Who is Responsible for the Crisis?

Source: Politipond. 2015
Source: Politipond. 2015

Not surprisingly, most participants blamed the Member States (29%), minus Italy and Greece (a total of 0%), for failing to address the crisis. The most interesting dimension is that failed countries, like Syria, Eritrea, Afghanistan, Yemen, Somalia, are seen as a large part of the blame with 26%. The EU is regarded to have failed in dealing with the crisis (with 13%). However, it is unclear what exactly the EU means as the Commission and the Parliament are not considered as responsible, which leaves the Council of Ministers and the European Council. Ultimately, the EU is usually considered as a black box without clear materialization of who does what. The traditional blame of the EU for failing to address a crisis is reflected in this study. But the graph demonstrates that participants tend to mis-understand the EU and what it is.

Call for Foreign Military Interventions?

4.Intervention
Source: Politipond. 2015

A missing aspect of the talk on solving the migration crisis has been foreign interventions. Most of debate consists in addressing the flows of migrants inside the European territory and the failed European asylum policies. However, one core dimension in solving, at least in the long term, the migration crisis will be to address the root causes in Afghanistan, Libya, Syria, Eritrea, Yemen, Somalia, Sudan and so forth by stabilizing these territories, rebuilding the states and their authorities, lowering corruption and cronyism, and dealing with neighboring countries (read here an analysis on failed states published by EU Center at the University of Miami).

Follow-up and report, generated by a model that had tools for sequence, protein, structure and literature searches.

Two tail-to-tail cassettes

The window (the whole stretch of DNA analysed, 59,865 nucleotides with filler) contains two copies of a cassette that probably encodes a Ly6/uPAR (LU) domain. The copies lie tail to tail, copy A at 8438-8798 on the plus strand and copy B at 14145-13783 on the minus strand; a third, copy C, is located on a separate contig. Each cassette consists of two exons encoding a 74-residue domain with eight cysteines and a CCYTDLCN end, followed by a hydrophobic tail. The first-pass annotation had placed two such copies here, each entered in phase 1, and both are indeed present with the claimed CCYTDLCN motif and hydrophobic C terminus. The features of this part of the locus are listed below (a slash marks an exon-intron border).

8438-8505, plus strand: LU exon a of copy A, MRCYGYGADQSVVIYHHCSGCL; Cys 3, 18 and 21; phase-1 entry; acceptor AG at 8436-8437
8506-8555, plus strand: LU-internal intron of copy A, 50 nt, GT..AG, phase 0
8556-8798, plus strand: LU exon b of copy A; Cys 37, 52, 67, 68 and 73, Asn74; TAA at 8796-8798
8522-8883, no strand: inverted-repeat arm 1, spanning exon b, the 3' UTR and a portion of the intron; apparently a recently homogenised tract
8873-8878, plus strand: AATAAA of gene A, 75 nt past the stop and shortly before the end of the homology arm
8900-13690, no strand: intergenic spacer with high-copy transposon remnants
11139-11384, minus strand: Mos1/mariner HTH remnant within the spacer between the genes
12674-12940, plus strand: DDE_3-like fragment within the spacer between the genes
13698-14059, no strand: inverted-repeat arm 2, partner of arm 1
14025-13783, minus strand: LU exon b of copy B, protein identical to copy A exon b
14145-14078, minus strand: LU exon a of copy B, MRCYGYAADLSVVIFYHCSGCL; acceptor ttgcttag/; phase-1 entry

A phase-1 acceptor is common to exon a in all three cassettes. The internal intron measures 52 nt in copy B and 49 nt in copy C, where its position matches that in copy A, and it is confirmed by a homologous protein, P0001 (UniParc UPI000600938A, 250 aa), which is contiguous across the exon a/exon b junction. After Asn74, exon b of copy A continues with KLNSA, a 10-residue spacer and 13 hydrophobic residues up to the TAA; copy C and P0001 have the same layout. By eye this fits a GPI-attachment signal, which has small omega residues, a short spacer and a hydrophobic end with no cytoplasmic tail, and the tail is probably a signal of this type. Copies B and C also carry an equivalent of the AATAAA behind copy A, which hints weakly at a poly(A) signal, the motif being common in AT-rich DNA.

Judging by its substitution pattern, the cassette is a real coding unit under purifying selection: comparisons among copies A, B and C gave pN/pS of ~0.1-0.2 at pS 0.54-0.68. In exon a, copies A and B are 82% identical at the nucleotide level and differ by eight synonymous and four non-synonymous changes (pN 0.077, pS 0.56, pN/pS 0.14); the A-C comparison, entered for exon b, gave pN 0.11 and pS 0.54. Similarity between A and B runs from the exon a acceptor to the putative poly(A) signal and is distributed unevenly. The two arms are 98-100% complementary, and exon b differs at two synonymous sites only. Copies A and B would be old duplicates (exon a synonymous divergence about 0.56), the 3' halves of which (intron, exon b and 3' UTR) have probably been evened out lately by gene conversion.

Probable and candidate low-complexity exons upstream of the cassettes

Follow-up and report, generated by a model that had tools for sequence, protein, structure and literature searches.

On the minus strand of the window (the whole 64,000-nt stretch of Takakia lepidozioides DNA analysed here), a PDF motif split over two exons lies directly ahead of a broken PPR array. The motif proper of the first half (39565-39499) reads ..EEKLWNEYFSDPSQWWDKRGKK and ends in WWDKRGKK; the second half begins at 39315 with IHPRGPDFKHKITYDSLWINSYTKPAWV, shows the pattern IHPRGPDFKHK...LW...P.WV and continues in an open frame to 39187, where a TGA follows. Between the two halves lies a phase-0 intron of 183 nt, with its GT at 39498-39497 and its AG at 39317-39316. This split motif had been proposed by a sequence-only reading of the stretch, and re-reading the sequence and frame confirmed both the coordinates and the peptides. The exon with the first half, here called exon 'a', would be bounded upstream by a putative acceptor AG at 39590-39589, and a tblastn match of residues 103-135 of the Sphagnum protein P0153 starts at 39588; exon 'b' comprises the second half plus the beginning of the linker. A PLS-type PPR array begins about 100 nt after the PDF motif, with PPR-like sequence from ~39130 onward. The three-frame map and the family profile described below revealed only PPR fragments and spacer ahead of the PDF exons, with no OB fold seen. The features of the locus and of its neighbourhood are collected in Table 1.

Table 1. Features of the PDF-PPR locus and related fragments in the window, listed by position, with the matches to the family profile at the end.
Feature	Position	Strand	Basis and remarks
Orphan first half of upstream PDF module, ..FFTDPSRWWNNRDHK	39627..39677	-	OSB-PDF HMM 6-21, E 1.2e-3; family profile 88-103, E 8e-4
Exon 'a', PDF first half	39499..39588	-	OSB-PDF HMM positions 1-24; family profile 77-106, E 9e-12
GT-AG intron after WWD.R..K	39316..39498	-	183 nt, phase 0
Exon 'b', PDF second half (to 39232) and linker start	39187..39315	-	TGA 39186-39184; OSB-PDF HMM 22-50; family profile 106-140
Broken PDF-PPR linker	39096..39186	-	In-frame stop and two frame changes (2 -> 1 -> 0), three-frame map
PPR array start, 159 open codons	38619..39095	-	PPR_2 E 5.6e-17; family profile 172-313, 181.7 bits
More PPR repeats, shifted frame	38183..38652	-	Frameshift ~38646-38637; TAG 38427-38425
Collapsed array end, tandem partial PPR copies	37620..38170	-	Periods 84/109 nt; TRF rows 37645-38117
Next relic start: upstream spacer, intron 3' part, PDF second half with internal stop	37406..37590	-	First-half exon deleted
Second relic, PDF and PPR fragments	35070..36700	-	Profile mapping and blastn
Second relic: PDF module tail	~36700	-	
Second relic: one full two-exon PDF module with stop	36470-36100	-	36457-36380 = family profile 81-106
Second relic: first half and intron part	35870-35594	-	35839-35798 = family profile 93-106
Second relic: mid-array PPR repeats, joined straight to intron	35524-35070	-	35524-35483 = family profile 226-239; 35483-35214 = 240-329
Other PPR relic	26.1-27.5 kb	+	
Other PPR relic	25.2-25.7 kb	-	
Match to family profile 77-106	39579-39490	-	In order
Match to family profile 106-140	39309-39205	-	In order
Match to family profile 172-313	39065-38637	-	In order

These conditions are central in order to permit future migrants to live productive lives in their home countries. The big question is how much the Euro-Atlantic community can be efficient in such missions in so many countries and are their public opinion in favor of such ‘sacrifice’? According to the results of the survey, 62% of participants consider that either military (27%) or civilian (35%) CSDP missions would permit to address some of the root causes. And with 14% of the votes, participants feel that national missions, like the ones deployed by the French army in Mali and Sahel regions, could be effective operations of stabilization and peace-building.